Scientists explore possibility of 3D printing of food
Over the years, 3D printers have become an increasingly useful technology for creating everything from model roller coasters to houses. But what about food printing?
Adam Watson and Ziynet Boz, two UF/IFAS professors in the department of agricultural and biological engineering, have rethought the power of 3D printers, especially their ability to print food.
One of these 3D printers is in their lab ready to use. With a light touch of your finger, the device beeps and a variety of designs appear on the touch screen. Once a design is selected, the mechanical arm makes a high-pitched squeak as it begins its meticulous, careful layering, starting at the base. Then a viscous food substance such as mashed potatoes is sprayed out of cylinders of different nozzle sizes until the design is completed.
With embedded stock designs and your own upload capabilities, an unprecedented level of control is possible for those looking to enhance their plating skills.
But its benefits may extend beyond creative experimentation in food presentation.
For instance, the machine can also be useful for people with dysphagia or dysphagia.
People with dysphagia often rely on soft and moist foods such as yogurt or mashed fruits and vegetables. However, foods without these shapes may not be appetizing.
With a 3D food printer, shape and visual appeal can be restored. For example, a pureed carrot can be reshaped to resemble a regular carrot.
In addition, 3D food printers can be used for humanitarian purposes, such as in times of war or famine. Dehydrated food can be restored to its original state by adding water and 3D printed into a design that revives the appeal of a snack or main meal.
But there are other benefits as well.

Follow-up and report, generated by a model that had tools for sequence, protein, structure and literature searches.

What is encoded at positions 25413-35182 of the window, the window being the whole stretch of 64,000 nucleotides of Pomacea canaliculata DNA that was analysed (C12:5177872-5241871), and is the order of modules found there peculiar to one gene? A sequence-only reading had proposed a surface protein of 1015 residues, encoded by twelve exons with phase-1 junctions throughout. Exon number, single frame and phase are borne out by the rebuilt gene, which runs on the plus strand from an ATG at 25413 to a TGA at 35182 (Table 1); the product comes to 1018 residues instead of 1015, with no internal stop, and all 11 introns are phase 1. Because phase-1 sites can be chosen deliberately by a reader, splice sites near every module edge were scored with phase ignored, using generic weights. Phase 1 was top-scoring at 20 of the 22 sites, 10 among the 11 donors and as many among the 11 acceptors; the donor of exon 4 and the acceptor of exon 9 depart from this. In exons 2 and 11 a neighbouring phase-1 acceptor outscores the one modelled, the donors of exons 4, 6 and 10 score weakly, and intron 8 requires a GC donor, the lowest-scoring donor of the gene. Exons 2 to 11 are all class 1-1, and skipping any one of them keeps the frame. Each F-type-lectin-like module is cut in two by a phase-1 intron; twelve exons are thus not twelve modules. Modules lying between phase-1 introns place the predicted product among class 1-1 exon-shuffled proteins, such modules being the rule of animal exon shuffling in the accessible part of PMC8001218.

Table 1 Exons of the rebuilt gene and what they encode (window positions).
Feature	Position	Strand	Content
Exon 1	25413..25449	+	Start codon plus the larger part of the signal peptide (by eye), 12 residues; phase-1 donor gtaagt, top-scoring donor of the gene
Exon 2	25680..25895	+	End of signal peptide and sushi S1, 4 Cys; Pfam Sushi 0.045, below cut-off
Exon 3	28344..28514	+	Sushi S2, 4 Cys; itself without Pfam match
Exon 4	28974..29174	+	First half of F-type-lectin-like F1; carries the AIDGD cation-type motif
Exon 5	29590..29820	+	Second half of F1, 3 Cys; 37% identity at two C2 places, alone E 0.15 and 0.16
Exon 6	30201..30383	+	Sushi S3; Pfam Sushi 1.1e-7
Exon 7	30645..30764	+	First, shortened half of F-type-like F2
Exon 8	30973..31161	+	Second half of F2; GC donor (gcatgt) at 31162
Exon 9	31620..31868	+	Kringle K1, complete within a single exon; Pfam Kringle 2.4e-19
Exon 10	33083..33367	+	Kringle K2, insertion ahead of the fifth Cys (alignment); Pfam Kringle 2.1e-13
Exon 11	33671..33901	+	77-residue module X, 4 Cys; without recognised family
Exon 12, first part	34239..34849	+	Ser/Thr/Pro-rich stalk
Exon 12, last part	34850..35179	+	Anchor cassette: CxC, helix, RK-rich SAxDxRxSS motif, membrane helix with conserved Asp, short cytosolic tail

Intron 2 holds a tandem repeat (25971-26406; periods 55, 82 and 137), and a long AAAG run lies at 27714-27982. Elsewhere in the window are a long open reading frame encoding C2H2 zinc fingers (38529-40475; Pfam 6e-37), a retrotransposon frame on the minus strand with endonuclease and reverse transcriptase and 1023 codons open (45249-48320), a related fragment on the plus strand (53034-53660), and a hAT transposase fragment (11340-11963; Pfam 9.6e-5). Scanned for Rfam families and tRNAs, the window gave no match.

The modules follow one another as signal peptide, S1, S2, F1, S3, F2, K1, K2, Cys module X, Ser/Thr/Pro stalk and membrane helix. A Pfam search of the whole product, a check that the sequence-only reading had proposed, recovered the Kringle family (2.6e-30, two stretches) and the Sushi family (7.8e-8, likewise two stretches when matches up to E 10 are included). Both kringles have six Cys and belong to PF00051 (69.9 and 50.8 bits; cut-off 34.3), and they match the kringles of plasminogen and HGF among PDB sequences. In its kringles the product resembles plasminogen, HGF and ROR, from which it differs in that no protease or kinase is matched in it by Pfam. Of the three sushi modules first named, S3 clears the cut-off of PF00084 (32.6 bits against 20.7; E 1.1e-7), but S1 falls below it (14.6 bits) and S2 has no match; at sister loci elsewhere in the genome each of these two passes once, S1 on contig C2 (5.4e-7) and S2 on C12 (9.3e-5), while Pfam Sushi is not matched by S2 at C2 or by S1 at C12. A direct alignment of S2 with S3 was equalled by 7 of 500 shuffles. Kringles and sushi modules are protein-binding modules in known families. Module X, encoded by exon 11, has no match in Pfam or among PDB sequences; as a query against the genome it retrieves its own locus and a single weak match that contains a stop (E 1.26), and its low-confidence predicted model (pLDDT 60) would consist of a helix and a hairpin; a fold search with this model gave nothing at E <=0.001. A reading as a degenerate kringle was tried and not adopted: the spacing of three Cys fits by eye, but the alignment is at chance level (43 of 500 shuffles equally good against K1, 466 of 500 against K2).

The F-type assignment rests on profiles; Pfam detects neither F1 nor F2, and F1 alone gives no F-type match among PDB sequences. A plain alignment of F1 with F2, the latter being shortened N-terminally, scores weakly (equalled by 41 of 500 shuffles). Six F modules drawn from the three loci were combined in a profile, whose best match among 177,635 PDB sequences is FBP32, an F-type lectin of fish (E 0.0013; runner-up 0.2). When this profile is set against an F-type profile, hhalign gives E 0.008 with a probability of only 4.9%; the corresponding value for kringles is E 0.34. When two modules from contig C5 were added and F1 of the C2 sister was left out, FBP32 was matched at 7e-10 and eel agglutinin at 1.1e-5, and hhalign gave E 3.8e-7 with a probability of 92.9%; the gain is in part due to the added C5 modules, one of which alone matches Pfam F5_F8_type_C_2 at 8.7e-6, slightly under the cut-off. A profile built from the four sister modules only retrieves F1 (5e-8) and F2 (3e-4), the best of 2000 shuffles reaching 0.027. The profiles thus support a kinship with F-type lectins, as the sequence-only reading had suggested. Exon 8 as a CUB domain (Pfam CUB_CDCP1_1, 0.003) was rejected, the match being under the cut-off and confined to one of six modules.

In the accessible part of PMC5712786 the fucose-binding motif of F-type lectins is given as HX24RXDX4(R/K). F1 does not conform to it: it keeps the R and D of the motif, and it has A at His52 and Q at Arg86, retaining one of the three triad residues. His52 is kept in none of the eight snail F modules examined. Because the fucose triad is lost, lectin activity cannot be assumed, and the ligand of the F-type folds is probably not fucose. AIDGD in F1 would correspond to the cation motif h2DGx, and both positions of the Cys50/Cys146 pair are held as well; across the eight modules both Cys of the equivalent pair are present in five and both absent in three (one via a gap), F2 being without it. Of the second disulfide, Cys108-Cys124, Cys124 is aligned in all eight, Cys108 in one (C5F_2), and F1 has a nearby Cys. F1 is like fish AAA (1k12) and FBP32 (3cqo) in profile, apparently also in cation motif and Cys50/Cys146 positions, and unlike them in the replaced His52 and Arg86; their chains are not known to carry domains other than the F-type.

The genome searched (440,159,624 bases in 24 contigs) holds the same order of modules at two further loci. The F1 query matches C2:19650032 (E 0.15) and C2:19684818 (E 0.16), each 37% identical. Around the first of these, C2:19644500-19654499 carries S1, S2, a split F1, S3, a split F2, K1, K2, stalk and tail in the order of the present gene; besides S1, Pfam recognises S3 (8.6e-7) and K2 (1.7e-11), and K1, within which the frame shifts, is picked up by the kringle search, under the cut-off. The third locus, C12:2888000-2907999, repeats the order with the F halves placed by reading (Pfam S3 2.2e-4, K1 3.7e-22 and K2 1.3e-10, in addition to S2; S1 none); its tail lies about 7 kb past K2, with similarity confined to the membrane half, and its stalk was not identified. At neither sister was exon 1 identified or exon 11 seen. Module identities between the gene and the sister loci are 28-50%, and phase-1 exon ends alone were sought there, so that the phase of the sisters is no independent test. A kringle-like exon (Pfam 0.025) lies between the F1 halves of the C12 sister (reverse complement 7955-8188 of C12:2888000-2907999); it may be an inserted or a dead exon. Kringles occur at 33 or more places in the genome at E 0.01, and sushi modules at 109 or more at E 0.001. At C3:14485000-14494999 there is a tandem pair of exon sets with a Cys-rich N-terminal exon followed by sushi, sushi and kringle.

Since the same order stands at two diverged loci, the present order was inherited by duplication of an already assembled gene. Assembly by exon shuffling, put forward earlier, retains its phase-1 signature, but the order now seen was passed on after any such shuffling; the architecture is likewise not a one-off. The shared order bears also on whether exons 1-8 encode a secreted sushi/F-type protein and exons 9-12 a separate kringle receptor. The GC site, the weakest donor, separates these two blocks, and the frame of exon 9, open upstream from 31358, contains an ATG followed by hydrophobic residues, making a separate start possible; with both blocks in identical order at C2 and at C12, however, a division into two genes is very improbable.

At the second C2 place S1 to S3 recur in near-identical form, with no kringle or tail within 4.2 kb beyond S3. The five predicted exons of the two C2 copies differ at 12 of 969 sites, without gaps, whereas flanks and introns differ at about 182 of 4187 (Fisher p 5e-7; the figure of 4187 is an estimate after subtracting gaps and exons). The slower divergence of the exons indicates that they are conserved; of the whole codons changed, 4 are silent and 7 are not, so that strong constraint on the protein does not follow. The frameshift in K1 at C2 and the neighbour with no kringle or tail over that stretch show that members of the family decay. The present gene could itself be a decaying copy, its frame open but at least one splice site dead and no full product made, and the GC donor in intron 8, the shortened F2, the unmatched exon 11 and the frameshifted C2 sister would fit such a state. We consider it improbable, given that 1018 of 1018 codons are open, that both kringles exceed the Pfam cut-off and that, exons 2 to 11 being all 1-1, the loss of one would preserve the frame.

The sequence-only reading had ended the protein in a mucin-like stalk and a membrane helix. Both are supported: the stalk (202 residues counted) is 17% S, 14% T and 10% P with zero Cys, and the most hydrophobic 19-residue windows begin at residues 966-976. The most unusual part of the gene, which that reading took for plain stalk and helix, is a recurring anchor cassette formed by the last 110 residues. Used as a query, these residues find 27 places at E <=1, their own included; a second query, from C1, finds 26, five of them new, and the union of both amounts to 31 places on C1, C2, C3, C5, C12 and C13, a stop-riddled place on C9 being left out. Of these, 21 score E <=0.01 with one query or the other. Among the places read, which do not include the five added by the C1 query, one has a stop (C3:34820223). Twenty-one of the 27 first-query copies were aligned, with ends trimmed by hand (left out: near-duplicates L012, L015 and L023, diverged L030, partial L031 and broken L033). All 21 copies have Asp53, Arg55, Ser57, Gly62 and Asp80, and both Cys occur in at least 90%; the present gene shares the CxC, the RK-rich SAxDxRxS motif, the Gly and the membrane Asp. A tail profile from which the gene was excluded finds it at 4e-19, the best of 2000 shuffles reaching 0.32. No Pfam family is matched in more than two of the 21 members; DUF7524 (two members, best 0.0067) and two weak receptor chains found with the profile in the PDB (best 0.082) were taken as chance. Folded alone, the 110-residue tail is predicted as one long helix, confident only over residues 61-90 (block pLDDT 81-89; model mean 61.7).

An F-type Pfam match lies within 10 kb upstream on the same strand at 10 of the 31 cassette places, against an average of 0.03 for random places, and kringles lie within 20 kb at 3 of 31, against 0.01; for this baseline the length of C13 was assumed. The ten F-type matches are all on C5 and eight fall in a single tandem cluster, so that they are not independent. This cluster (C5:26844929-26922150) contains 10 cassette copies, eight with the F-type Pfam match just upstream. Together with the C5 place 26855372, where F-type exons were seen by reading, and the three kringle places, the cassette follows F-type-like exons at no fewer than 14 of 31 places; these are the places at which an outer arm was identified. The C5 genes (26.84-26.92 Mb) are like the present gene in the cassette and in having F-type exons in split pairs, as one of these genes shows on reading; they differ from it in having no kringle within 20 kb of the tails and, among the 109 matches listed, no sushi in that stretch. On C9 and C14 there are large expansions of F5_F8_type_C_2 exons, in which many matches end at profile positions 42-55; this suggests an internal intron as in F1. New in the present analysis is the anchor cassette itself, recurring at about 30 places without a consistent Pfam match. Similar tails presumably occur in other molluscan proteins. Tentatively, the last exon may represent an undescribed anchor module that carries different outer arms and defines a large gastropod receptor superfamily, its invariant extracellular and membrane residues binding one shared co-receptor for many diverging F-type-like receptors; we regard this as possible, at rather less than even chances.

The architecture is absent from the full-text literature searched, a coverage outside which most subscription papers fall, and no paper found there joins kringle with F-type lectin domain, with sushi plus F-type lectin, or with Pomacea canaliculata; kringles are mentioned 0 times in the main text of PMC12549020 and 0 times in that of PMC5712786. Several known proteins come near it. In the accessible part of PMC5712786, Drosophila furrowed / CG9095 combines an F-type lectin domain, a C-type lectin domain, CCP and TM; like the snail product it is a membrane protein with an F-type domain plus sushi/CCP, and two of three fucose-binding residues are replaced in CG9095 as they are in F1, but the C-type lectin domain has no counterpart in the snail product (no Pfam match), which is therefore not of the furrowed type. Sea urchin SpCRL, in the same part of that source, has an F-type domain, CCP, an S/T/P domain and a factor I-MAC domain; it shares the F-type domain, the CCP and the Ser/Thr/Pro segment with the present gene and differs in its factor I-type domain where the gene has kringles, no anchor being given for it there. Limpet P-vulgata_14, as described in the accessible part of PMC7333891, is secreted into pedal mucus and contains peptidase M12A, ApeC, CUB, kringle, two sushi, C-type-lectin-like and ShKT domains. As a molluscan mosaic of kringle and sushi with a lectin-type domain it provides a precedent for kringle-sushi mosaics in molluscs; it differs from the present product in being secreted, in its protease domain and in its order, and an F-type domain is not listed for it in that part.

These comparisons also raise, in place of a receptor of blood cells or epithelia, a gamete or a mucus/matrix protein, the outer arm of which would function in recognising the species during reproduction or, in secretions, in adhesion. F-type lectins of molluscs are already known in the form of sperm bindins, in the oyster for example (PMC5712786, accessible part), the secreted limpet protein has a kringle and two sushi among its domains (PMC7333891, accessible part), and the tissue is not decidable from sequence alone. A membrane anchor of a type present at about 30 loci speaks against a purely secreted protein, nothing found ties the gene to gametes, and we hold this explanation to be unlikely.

3D food printers also give people the ability to pick and choose what’s inside the food they eat.
“It can be a great way for parents to make sure their kids get the nutrients they need from fruits and vegetables,” says Boz. Instead of having to buy hidden fruit and vegetable products, parents can make their own.
With 3D food printers, people also have more control over their food. food waste.
Leftover viscous food can be fed into 3D food printer for a new shape that’s both attractive and sustainable—reducing food waste.
Leftovers can also be printed onto tableware. Like a bread bowl, a viscous substance like mashed potatoes can be shaped into cups, cooked, and used to serve food.
“If you have edible tableware, it eliminates the need to wash dishes, resulting in less water being used or wasted,” says Watson.
While the machine reflects some Technological advances In food, there are still advancements to be made, one being the ability to cook food during or after printing to save food preparation time. Another simple way is to make a 3D food printer like any other home kitchen appliance—affordable, universal, and useful.
Students in Boz’s classroom, operating units and designing processes, are helping to envision that future. In the courses, students not only learn the ability to change the appearance of food, but also the machine’s ability to recreate food. From developing modeling tools to improve the transformation and flow of matter to prediction foodWith their printing capabilities, students are pushing the boundaries to see what can and cannot be done.
“We always do experiments with different ingredients of water or xanthan gum, a thickener to ensure the viscosity of the food,” says Boz. “The students really became the experts.”
University of Florida
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